Strong interest in Te Ana Marina as hospitality hub
Strong interest from local and national breweries, the seafood industry and an award-winning restaurateur could see Te Ana Marina’s Woolstore development become the newest hospitality hub in Christchurch.
Lyttelton Port Company (LPC) has completed the development of Canterbury’s only walk-on floating marina.
Meanwhile, adjacent to the waterfront, the existing Woolstore building is being strengthened, upgraded and refurbished for commercial development. Many of the unique characteristics of the original building are being retained. It now accommodates the marina’s administration offices, berth-holder amenities and public washroom facilities. The Woolstore also offers 720 square metres of ground floor space in a range of flexible tenancy sizes up to a maximum of 400 square metres in any one tenancy.
Craig Edwards of commercial real estate firm Knight Frank said growing interest from local business operators clearly indicated the Woolstore could be a people-focused hospitality hub.
“The strong feedback we have received from the market is that the Woolstore will be a quality hospitality venue, not a retail strip,” he said.
“We’re not going to end up with a butcher, a pharmacy and a pet store. It’s going to have a unique hospitality feel.”
Te Ana Marina is LPC’s first step toward regenerating the Inner Harbour as a vibrant community-focused destination with connections to the Lyttelton township. LPC owns and manages the 170-berth marina and associated commercial facilities.
Knight Frank recently completed a preliminary appraisal of rental values for spaces available at the Woolstore and canvassed a wide range of potential occupiers to evaluate interest.
“Rental rates at Te Ana are expected to be competitive and attractive to business operators,” said Mr Edwards.
“It’s well worth the investment for business owners, particularly given the value of the location and facility. We envisage that tenants will mostly be locally-owned established businesses. They’re passionate people who have a clear point of difference in the market. Franchise businesses and larger hospitality operators, especially expanding craft beer brewers, have been very positive. We’ve also made good headway with some experts within the marine brokerage industry.”
LPC Marketing Manager Simon Munt said “it’s the perfect time for businesses to invest and complete their fit-outs in preparation for a spring opening.”
“There’s ample opportunity for businesses to create truly unique spaces because the development is still very much a blank canvas. We want to co-ordinate our activities to attract the right mix of operators to ensure a vibrant and successful portside commercial development.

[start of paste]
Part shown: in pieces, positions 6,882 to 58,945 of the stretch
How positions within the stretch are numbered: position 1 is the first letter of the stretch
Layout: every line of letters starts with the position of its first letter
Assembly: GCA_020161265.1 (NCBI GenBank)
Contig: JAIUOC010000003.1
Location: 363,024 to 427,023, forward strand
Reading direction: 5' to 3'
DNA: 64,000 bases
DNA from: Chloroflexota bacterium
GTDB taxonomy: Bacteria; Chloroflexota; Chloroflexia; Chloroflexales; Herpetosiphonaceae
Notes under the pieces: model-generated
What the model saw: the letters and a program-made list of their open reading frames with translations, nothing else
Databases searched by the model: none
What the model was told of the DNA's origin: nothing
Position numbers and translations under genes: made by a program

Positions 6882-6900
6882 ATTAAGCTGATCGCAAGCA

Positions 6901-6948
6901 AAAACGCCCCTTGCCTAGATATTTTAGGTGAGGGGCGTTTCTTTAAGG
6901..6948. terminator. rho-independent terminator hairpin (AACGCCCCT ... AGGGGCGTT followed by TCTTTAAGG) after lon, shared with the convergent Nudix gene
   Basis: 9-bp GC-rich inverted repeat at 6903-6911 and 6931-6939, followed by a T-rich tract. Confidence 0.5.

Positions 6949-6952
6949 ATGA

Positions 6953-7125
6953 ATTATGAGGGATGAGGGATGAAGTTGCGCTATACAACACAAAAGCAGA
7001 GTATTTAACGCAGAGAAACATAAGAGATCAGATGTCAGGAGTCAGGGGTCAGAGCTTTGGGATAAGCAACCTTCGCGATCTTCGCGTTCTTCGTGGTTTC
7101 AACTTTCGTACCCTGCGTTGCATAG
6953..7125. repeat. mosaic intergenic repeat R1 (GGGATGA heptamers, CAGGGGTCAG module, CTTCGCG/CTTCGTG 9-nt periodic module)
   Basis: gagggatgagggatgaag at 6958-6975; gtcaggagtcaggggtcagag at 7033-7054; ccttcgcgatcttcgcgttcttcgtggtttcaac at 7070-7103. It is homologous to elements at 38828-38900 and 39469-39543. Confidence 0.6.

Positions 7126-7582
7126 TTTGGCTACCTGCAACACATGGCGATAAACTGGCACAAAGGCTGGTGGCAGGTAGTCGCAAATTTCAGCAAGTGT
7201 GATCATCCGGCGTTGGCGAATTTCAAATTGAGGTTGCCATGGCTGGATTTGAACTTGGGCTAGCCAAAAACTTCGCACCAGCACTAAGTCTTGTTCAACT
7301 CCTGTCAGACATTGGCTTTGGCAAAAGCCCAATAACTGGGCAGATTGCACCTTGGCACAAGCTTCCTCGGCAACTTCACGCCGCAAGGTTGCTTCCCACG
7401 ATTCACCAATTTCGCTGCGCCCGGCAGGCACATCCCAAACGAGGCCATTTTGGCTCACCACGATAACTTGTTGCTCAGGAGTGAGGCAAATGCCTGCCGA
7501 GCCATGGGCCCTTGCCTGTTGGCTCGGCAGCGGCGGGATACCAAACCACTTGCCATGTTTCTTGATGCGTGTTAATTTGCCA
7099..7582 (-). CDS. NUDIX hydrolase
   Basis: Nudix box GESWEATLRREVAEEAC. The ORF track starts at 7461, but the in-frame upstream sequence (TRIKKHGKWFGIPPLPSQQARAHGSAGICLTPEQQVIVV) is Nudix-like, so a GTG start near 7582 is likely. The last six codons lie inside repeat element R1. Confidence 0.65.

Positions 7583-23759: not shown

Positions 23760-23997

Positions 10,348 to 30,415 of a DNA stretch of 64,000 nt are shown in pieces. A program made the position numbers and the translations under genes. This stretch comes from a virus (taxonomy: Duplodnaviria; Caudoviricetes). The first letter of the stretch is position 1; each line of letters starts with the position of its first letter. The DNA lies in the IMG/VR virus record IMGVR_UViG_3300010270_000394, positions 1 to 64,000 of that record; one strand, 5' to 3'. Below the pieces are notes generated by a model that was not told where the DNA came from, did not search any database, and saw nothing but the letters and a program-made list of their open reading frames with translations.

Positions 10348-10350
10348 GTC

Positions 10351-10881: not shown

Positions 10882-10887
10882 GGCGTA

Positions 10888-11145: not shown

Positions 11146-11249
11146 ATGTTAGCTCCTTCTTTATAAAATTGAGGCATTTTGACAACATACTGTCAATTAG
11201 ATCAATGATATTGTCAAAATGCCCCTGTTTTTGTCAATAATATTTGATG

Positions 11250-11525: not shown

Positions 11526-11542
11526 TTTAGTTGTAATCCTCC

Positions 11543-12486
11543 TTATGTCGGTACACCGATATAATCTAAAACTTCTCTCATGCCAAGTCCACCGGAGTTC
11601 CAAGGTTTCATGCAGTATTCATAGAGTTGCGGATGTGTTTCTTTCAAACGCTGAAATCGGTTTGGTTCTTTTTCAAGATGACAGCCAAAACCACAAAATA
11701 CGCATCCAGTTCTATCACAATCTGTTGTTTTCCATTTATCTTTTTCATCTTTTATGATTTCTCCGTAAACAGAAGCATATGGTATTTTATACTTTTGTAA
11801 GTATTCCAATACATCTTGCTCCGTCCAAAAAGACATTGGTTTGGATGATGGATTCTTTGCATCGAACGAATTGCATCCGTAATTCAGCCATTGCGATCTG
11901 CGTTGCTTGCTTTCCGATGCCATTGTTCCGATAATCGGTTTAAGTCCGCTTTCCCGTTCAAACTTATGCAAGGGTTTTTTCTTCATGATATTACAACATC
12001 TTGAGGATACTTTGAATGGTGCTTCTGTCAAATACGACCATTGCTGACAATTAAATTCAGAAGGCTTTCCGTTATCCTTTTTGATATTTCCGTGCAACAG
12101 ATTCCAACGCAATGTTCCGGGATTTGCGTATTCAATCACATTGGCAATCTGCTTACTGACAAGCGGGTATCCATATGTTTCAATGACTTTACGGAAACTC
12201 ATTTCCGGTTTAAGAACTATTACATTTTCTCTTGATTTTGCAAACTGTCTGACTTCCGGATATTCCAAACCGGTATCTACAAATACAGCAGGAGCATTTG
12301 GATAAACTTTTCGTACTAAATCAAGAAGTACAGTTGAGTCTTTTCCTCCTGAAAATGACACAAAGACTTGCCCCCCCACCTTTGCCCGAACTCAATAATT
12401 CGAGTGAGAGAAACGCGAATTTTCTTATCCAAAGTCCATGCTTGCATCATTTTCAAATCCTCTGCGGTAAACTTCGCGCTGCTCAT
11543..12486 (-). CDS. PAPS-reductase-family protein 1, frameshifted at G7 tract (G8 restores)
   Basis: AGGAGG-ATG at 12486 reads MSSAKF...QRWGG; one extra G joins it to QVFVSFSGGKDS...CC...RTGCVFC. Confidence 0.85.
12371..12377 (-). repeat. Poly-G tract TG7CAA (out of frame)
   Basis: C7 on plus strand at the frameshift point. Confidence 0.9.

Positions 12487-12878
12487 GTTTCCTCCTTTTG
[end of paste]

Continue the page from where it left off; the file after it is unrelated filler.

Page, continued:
“Every ground floor tenant will have expansive views over the marina and will benefit from a captive audience of marina users as well as a pedestrian link connecting Te Ana Marina to Lyttelton.”
Mr Munt said Te Ana Marina would become a thriving business area attracting locals and visitors with the considerable convenience of on-site parking.
“We are pleased to be hosting visiting boats which call in and use the marina on a casual berth hire basis. Before the marina was built these visitors may have bypassed Lyttelton,” said Mr Munt.
Lyttelton Harbour Business Association Chairman Rob De Thier said increased exposure to new markets generated by the Port’s various developments was “encouraging for the Lyttelton business community.”
“We are already experiencing the overflow of foot traffic from the arrival of major international cruise ships this year, and it’s not just passengers, it’s the crew members as well,” he said.
In a similar fashion, Te Ana Marina tripled its capacity to accommodate yachts and other pleasure crafts, which Mr De Thier has no doubt will “generate more foot traffic” in Lyttelton’s town centre.
“Through our discussions with the Port, we really wanted to ensure there was a strong connection between the business community in Lyttelton and Te Ana Marina. The Port has always been very supportive of this vision and we look forward to continuing our work with LPC to ensure this eventuates,” he said. “Te Ana Marina will have a positive impact on Lyttelton’s economy. It’s a great resource that beautifies the whole area.”
For Te Ana Marina berth holder and yacht owner Viki Moore, the building’s delicate nod to history is a welcome touch.
“Lyttelton has a vibrant maritime past and it’s nice to see the Te Ana Marina incorporate the historical fabric of the area,” she said. “It’s so important to retain our history, especially in Christchurch, because so much has been destroyed and demolished. Some of the landscaping around Te Ana Marina already includes what looks like sections of old timber piles and exposed rail lines, which really adds local character.”
“The Woolstore will be a brilliant public space that we’ve never had before. It’s going to be a great community asset and something that we can all be proud of, not just sailors, but the people of Lyttelton and the wider Canterbury region.” – Rob De Thier
More than 140 berths, housing various boats from powerboats, to mono-hull yachts, catamarans and launches, have already been leased at Te Ana Marina and boat owners are encouraged to contact Te Ana Marina should they wish to license a berth.